How Net Metering Works

Net metering ensures the energy you generate at home doesn't go to waste.
Net metering ensures the energy you generate at home doesn't go to waste.
David McNew/Getty Images

You've seen the dire warnings on the news about shrinking energy resources and increasing environmental problems. In your effort to become a better global citizen, you've installed solar panels on your roof. You're also being careful to turn off your lights and appliances when you leave for work each morning.

While you're away, your house is generating energy but you're not using it. Meanwhile at night, when you have the lights and TV blaring, your solar system is sitting idle. You could buy an expensive battery to store the extra energy you generate during the day, but there's another option that allows you to send your extra power to the grid in exchange for banked energy credit that you can use when you need it. It's called net metering.

When your home is equipped with a renewable energy source (such as wind or solar power), it sends the excess energy that's generated back into the grid to power other homes. An electrical converter called an inverter turns the DC (direct current) power coming from your renewable energy source into AC (alternating current) power, which matches the voltage of the electricity flowing through the power line.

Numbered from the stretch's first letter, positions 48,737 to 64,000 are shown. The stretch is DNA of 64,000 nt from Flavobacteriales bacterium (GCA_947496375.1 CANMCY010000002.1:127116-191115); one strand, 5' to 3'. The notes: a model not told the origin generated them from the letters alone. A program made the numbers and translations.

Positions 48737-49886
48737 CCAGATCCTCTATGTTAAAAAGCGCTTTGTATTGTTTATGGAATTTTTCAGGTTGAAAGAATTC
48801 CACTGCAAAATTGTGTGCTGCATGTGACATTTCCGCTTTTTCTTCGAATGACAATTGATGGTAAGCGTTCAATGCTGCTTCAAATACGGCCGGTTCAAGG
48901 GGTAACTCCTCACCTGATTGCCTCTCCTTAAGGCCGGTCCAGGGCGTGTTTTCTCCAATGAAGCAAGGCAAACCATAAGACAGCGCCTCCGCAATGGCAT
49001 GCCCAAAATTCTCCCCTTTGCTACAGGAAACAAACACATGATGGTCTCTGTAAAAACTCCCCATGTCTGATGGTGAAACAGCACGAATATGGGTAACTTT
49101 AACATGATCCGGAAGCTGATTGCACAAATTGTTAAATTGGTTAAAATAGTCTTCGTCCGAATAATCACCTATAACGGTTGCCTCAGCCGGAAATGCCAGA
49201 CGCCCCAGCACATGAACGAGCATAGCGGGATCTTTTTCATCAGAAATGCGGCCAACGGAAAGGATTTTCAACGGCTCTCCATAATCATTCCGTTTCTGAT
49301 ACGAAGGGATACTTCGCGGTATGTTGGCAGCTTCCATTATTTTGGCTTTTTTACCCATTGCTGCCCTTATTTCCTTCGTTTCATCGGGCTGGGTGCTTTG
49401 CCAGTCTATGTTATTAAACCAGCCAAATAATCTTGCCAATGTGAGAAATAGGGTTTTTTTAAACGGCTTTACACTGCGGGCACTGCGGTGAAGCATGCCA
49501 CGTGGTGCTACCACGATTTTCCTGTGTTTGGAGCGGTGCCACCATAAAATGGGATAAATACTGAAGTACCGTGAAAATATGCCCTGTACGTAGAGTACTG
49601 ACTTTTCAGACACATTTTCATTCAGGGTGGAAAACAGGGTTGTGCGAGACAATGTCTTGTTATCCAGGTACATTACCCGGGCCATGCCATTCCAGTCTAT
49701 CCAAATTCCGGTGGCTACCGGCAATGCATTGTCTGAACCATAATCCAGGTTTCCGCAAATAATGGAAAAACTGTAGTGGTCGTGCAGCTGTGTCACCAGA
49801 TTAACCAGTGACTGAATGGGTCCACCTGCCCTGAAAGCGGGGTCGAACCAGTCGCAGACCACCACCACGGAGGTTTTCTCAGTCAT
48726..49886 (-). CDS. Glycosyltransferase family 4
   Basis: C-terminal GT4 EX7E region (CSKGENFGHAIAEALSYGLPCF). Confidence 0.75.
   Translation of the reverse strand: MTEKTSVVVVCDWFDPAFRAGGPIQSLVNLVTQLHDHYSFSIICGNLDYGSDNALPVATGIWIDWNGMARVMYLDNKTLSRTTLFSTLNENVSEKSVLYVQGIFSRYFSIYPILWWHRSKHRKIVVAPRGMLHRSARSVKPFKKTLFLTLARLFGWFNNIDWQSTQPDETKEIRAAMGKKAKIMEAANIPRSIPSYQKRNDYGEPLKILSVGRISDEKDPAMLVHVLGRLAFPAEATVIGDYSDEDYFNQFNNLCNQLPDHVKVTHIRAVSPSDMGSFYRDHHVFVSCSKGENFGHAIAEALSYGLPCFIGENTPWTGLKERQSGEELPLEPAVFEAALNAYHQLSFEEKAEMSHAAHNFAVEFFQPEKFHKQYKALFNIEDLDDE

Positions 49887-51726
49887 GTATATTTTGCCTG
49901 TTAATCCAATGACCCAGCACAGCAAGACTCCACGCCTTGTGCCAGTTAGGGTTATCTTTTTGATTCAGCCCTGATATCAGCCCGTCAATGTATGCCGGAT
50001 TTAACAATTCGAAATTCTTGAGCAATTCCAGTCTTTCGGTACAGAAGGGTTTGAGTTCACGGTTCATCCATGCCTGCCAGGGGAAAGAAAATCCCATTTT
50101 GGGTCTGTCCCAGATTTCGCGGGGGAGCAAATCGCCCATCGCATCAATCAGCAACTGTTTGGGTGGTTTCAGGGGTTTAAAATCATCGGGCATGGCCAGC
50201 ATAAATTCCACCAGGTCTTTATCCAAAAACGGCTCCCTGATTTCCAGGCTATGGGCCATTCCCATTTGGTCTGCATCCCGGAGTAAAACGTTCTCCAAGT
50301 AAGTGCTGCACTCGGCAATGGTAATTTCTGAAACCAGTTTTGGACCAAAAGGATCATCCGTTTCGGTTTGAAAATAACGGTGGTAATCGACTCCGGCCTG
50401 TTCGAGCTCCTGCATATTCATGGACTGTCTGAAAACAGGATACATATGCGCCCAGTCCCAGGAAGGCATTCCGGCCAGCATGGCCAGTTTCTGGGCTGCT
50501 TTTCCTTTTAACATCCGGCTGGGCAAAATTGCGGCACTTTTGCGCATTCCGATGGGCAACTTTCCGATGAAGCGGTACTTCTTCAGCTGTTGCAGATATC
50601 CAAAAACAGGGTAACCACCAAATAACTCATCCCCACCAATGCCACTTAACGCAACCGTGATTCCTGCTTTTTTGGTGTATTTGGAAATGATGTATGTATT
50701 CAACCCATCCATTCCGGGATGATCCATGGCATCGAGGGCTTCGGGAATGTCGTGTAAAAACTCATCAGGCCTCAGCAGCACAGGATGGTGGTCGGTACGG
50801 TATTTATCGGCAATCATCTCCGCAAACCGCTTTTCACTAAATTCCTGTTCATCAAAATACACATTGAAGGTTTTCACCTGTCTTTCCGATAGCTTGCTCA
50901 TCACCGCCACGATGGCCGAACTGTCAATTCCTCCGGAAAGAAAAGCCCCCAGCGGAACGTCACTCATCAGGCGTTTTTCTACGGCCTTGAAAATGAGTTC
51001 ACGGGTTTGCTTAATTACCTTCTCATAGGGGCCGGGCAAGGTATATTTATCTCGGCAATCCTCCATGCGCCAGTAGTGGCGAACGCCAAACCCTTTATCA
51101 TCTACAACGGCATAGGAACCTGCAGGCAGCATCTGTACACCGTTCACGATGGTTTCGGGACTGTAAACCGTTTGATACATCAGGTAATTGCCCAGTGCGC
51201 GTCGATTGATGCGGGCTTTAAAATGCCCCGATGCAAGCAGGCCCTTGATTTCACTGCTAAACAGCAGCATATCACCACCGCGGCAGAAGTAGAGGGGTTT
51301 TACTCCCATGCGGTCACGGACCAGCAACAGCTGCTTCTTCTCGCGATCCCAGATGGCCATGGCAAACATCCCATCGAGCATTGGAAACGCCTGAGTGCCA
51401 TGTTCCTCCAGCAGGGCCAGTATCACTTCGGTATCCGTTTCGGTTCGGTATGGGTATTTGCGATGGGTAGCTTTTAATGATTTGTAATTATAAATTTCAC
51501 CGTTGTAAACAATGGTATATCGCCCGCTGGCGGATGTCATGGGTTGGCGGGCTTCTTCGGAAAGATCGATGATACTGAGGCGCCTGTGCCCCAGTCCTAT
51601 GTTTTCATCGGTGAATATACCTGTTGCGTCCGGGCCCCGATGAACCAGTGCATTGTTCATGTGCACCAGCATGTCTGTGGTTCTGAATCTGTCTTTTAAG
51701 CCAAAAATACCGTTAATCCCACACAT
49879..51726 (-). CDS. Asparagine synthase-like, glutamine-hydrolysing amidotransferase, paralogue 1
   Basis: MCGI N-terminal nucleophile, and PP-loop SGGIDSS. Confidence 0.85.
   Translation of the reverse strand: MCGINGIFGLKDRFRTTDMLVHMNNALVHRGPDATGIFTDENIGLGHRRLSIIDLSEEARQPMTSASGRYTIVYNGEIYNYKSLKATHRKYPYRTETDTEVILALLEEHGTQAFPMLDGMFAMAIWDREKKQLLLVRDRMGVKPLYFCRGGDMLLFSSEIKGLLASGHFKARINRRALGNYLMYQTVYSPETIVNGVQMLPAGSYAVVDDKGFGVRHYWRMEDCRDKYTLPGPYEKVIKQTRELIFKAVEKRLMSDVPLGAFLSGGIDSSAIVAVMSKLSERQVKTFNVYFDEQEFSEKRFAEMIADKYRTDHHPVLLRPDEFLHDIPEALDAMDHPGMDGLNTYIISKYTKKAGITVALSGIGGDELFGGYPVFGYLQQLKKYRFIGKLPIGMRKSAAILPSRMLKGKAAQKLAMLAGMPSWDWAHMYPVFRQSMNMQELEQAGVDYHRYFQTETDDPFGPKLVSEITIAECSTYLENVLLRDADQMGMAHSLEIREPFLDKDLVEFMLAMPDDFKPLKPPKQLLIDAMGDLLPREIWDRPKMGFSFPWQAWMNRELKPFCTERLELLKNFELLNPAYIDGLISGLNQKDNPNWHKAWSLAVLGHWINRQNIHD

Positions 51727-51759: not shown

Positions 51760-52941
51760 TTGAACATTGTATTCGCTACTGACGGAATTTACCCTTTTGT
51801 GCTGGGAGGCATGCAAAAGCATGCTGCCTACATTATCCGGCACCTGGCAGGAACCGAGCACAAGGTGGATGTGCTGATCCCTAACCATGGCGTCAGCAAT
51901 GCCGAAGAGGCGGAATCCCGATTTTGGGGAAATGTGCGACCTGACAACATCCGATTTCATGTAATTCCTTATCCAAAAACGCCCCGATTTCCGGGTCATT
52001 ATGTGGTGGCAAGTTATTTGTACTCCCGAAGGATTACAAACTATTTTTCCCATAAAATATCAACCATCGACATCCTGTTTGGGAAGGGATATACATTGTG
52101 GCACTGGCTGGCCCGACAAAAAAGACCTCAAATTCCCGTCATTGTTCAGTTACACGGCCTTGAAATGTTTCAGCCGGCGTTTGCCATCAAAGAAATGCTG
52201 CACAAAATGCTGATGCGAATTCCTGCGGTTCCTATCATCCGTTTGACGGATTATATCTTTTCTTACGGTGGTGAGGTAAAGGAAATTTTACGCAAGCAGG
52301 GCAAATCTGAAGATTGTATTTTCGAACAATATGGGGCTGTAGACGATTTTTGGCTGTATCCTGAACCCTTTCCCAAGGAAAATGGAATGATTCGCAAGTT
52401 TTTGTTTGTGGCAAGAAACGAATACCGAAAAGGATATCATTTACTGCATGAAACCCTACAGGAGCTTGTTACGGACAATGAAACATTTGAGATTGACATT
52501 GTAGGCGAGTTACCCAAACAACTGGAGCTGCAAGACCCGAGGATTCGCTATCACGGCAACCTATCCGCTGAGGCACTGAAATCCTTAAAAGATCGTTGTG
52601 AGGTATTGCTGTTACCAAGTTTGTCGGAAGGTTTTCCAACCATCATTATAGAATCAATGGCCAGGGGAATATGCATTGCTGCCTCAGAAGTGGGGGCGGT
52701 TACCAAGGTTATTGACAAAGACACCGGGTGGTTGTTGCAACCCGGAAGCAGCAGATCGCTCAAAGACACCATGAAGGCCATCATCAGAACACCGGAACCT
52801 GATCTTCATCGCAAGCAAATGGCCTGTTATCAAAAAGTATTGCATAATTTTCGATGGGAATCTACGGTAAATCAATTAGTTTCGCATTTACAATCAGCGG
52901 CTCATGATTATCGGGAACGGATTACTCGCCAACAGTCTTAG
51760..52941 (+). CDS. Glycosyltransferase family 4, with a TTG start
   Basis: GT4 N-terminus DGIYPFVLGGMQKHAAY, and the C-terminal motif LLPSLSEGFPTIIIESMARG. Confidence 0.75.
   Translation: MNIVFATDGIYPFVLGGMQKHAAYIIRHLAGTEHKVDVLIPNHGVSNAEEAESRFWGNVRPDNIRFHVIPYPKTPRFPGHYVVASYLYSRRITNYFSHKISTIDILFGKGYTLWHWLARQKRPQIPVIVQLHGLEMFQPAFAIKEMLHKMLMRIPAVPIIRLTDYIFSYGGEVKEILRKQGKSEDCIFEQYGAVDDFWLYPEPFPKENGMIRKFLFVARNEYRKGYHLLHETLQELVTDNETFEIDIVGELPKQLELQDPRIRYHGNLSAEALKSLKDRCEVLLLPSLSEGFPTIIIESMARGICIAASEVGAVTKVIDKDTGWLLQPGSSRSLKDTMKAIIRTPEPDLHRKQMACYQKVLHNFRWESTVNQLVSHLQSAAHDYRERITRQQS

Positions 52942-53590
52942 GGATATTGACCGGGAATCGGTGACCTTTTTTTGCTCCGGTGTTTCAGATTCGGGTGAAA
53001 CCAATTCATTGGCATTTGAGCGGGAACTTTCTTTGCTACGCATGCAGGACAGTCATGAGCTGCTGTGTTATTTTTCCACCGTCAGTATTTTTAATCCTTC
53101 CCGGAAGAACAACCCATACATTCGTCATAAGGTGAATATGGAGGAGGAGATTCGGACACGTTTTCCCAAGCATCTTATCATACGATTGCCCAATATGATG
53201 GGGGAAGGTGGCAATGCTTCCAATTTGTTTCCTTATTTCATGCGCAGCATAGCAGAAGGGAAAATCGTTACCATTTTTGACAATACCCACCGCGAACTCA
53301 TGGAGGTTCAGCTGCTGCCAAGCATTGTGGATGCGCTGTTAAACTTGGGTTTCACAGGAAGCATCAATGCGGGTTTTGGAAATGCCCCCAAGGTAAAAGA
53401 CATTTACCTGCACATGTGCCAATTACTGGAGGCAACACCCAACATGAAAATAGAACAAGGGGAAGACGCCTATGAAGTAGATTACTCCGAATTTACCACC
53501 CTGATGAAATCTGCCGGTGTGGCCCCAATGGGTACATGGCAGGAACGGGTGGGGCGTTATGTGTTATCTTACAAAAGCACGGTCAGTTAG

As that excess energy is being generated, your power meter spins backward rather than forward, giving you a credit that you can use to pay for your future energy use (you can roll over excess electricity to your next bill, just as many cell phone companies let you roll over minutes).

If you've generated more energy than you've used at the end of the year, your electric company may pay you back for the extra power at the retail rate. If you have market-rate net metering, the utility company will pay only a wholesale rate, which is less than retail and won't earn you anything (it's kind of like giving away your extra energy), but you'll still save on your overall power bill.

Net metering can be measured over the month or year. Annualized net metering provides a more accurate measurement because it takes into account your changing energy usage and production over the four seasons.